Sure. An Instameet is a gathering of people from a community. We bring them from mostly Instagram to an event, where people with influencer levels that range from nano-influencer to mega influencer, to come and experience an event at a location and photograph it to promote it on social media.
Cool. So the idea is I suppose that they take photos in this one location you bring them to, is that it?
Yeah, and then we have a hashtag that they use so we can track that hashtag. Then there is a collection of all of those images for people to find on Instagram, and we offer them exclusive experience at the spa so they can really share what is happening there and what makes this property unique and special.
What sort of special experience would that be? What extra are you offering? Just thinking if anyone wants to replicate this, what do you have to do to entice them in?
Caitlin E. Jenkins :
We’re very lucky because our clients like to roll out the red carpet for the attendees of our events. For example, this specific client, they have all inclusive packages, and so they have a girls’ getaway package, a spiritual awakening package, and so those are usually, they’re above and beyond an average stay at the resort. It includes spa treatments, it includes meals, it includes for example the awakening journey one that we just did, was we got to meet with an intuitive who did readings, and it was a whole well-rounded event and something that we were offering them to be able to experience the entire experience, event.
That sounds amazing. I’m thinking how do I get on that list? How do you choose who to invite to these events?However, the real motivating factor for us in wanting to work with an influencer is their engagement. If they are creating conversation on their posts, that is really what we're looking forClick To Tweet
Well, we really specialise in finding and cultivating a community of local micro influencers, and so we are still looking for people with higher numbers. However, the real motivating factor for us in wanting to work with an influencer is their engagement. If they are creating conversation on their posts, that is really what we’re looking for, because that’s the whole concept of using influencers, is to actually create real engaged conversation. Because people trust people versus brands.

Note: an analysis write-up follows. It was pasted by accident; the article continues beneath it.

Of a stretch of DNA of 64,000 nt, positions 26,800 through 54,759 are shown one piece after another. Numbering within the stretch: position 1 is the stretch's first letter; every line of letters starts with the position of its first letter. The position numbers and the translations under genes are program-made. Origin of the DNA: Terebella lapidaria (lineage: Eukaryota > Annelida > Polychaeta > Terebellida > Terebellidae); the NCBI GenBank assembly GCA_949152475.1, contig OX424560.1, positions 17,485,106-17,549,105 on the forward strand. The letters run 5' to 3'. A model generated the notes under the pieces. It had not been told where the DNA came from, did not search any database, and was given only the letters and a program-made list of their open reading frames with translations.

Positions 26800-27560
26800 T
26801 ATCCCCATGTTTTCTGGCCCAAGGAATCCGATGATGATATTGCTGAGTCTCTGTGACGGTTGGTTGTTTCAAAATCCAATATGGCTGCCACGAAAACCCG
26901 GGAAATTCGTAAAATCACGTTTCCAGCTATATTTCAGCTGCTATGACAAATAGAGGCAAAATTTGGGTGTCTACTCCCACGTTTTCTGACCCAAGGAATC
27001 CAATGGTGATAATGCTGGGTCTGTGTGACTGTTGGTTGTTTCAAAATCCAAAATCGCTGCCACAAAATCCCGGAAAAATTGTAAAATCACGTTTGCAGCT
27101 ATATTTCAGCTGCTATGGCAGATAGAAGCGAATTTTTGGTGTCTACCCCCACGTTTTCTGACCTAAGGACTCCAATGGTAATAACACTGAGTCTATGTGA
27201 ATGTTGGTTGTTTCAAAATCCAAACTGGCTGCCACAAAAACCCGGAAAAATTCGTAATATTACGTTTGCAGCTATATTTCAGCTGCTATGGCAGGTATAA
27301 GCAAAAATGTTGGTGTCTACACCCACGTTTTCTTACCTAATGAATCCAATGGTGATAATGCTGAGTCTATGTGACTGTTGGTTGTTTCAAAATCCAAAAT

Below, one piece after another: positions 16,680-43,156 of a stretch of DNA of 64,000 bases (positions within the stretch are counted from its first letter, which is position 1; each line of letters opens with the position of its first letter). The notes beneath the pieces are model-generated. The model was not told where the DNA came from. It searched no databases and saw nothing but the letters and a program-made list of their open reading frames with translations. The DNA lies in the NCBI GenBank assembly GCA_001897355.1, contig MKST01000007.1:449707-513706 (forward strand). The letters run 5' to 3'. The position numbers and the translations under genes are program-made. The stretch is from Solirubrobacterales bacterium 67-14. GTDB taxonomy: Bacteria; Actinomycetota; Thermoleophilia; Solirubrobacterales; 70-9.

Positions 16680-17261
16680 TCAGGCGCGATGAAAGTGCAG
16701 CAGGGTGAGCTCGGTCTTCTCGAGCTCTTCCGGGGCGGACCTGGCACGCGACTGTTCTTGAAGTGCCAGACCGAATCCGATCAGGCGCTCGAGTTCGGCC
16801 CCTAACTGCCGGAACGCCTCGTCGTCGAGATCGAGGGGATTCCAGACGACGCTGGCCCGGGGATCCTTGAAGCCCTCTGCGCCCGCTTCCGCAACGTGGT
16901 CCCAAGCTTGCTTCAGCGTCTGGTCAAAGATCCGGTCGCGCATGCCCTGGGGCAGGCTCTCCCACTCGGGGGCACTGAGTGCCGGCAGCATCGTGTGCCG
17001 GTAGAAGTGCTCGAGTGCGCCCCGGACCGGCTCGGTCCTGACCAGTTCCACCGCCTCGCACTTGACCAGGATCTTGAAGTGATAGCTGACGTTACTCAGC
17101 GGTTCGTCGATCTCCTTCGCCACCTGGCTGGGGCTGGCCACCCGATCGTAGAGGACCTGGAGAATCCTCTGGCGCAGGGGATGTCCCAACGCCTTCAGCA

So true, isn’t it? Are you looking then at engagement rate or are you just looking at posts and seeing what sort of conversations are happening?
All of it. We look at all of it. We definitely calculate the engagement rates just to make sure that those numbers aren’t funny, you know, because you can still buy followers of course. But really, we’re looking at the level of conversations, we go into posts, it’s a time-consuming process.
We also create our own relationships with them. We almost never reach out and invite someone to an event unless we have already established a relationship with them and know what we’re getting into with that particular person.
That’s really important for this client because we did a cleanse getaway, and we needed to focus on people who would be able to message that appropriately.
We were looking for people, chefs or foodies or people who would gravitate towards that type of a package versus the one we just did, awakening journey, we were looking for people who were more interested in spiritual opportunities. It’s really important that we know these people really well to make sure they fit that niche.
Absolutely. I suppose it really is finding the right influencer for the right job, isn’t it?